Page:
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Staying Positive During Weight Plateaus

Staying Positive During Weight Plateaus

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Woman smiling on a scale with arms raised looking at her weight

If you’ve never tried to lose weight, you might not understand the dreaded “weight plateau.” And it works both ways – people trying to gain weight, bulk up and add muscle, also face weight plateaus. But, today, we are focused on the weight loss plateau, a hurdle virtually every bariatric patient will experience along their journey.

The biggest issue with hitting a weight plateau is frustration. You become frustrated that you’re not losing weight fast enough though you continue to do the right things – the things your bariatric surgeon and nutritionist have advised you to do. You’re doing everything RIGHT! Why is the scale not moving down faster?

But, while we’re on the subject, let’s discuss a few reasons you could be experiencing a plateau. And touch upon some suggestions that could help you break through it.

Why You Might Be Plateauing

  1. Gym routine – are you getting enough activity or overworking your body? Are you getting enough protein? Depending on your fitness routine, you could even be losing muscle. Decreased muscle mass slows down your metabolism.
  2. Lack of sleep – your body needs sleep to recover and properly maintain its metabolic rate.
  3. Not getting enough nutritious calories – known as metabolic adaptability, you’re eating so little that your body instinctively tries to preserve every last calorie it takes in by slowing the metabolism.
  4. Have you lost a bit of focus and motivation in your planning? If so, get re-dedicated to tracking workouts and what you eat.
  5. Are you stressed or depressed? These emotional issues wear the body down and produce hormones that stunt weight loss progress.
  6. Is your mind set on unrealistic goals and progress? Have you allowed your mental state to control your physical progress? The mental toll of allowing your frustrations and assumed lack of progress to creep in, day after day, can get exhausting and could be a factor in stunting your progress.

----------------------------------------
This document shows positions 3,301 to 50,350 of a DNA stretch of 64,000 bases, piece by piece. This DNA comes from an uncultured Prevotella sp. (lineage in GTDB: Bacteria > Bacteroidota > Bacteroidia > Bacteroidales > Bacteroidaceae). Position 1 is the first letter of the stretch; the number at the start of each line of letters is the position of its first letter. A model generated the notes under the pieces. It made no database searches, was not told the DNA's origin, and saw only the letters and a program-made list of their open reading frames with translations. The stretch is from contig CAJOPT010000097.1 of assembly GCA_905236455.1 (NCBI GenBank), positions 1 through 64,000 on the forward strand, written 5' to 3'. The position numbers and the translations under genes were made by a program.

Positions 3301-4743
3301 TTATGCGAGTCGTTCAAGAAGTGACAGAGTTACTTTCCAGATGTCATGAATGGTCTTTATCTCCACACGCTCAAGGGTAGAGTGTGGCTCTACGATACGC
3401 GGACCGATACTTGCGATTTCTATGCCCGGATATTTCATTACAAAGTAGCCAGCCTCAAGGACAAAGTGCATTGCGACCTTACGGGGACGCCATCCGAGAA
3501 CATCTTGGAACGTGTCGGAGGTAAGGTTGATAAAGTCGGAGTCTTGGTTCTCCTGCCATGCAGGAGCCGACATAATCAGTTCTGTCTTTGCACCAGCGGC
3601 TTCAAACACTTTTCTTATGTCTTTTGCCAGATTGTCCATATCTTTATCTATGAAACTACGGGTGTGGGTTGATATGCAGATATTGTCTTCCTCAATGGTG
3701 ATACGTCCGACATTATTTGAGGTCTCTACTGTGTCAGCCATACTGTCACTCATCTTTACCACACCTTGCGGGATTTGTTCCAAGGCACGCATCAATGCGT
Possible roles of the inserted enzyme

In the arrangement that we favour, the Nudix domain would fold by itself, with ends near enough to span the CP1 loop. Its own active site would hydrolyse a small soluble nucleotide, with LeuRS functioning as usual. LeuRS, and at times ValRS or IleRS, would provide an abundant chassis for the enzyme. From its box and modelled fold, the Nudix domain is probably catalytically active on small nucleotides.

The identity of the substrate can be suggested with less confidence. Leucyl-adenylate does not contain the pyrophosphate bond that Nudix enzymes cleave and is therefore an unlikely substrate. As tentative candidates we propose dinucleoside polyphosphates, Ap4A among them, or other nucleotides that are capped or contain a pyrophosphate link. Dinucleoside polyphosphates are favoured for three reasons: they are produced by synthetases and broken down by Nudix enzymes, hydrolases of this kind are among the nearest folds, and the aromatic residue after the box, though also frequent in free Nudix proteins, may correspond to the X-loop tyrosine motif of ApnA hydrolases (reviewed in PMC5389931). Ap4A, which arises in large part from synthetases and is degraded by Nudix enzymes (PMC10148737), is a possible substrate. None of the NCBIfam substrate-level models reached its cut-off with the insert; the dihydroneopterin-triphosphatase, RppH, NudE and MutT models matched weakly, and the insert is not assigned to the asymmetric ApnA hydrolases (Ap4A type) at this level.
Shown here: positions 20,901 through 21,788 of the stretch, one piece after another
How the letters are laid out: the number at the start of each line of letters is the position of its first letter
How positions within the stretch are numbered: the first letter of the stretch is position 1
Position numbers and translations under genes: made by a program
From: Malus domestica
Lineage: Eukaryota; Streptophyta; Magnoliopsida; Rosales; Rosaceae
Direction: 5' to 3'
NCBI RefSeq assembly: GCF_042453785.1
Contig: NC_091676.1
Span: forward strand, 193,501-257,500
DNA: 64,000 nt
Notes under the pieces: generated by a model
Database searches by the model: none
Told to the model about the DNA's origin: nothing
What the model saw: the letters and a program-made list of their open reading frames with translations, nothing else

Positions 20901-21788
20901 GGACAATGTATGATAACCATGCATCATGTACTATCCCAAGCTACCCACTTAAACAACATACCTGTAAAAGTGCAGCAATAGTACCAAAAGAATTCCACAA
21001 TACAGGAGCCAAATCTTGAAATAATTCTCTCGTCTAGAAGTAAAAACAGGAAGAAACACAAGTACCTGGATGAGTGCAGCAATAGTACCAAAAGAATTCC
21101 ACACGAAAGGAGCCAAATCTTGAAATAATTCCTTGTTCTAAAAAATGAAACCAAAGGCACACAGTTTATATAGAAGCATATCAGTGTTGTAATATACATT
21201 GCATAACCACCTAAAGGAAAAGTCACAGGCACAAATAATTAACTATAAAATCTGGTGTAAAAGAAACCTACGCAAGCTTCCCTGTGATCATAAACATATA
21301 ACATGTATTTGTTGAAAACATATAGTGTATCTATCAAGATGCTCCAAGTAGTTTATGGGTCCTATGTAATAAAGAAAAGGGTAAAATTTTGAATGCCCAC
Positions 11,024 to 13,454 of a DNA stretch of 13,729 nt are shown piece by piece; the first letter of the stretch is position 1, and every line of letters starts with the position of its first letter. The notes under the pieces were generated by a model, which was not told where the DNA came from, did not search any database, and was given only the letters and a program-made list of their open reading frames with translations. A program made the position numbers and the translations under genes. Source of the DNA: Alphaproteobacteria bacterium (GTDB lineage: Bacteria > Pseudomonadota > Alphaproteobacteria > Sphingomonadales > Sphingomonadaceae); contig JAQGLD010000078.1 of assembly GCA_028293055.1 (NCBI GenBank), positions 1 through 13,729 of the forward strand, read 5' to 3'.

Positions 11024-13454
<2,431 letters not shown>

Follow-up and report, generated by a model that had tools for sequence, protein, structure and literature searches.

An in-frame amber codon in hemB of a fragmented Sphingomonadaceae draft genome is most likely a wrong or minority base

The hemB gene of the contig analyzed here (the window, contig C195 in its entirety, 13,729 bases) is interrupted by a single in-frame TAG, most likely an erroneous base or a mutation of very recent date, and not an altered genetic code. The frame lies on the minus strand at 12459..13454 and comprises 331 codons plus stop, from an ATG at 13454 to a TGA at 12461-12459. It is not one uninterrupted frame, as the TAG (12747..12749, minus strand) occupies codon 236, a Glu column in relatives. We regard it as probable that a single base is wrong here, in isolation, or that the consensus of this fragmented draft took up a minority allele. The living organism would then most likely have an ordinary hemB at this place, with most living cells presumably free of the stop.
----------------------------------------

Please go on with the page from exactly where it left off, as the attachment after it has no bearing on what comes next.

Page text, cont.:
Ideas to Bust Your Plateaus

  • Forget “cheat days” and give yourself some leeway amidst a strict fitness and diet program. Unless prohibited by your post-op plan, you don’t have to deprive yourself of everything you want. Just be mindful of how much you’re having. If you’re relatively close to surgery day, you likely won’t want to overeat anyway.
  • Start tracking your food intake to prioritize and modify as necessary. There are plenty of free or low-cost apps to track your eating. Most importantly, ensure that you complete your primary nutritional goals before indulging. You’ll find that indulgences are more satisfying with less volume and fewer calories.
  • Try intermittent fasting. There’s no correct answer to this, and you should work with your nutritionist or bariatric surgeon to understand what program is best for you. However, intermittent fasting has been shown to improve weight loss results or get you back on track if you’ve fallen off.
  • Restructure your weight training and cardio program. Make sure you understand the concept of losing muscle vs. losing fat. Working with a trainer or exercise physiologist is a great way to understand what’s behind your exercise program. Going to the gym and performing the same activities daily won’t cut it anymore.
  • Make sleep a priority. Whatever your daily schedule is, adapt it, so you are getting 7-9 hours of sleep per night. But stay away from sleeping pills and other crutches. You may be doing more harm than good. Instead, work on the physical and mental impediments that may stop you from getting a good night’s sleep. And don’t forget that your bedding might be to blame too. Make sure you have the right equipment for proper sleep.
  • Get enough water. At least 64 ounces and up to 128 depending on activity levels and water loss. You should be well hydrated as it is the basis for achieving many of the goals listed above.

With all these things in mind, remember that you are likely doing the right things, and some minor modifications can go a long way. Continue to follow your post-op program and ask for help if you need it. Your mind is your true strength: stay focused and determined – the results you want to achieve will eventually be reached if you focus on the long-term outcome.

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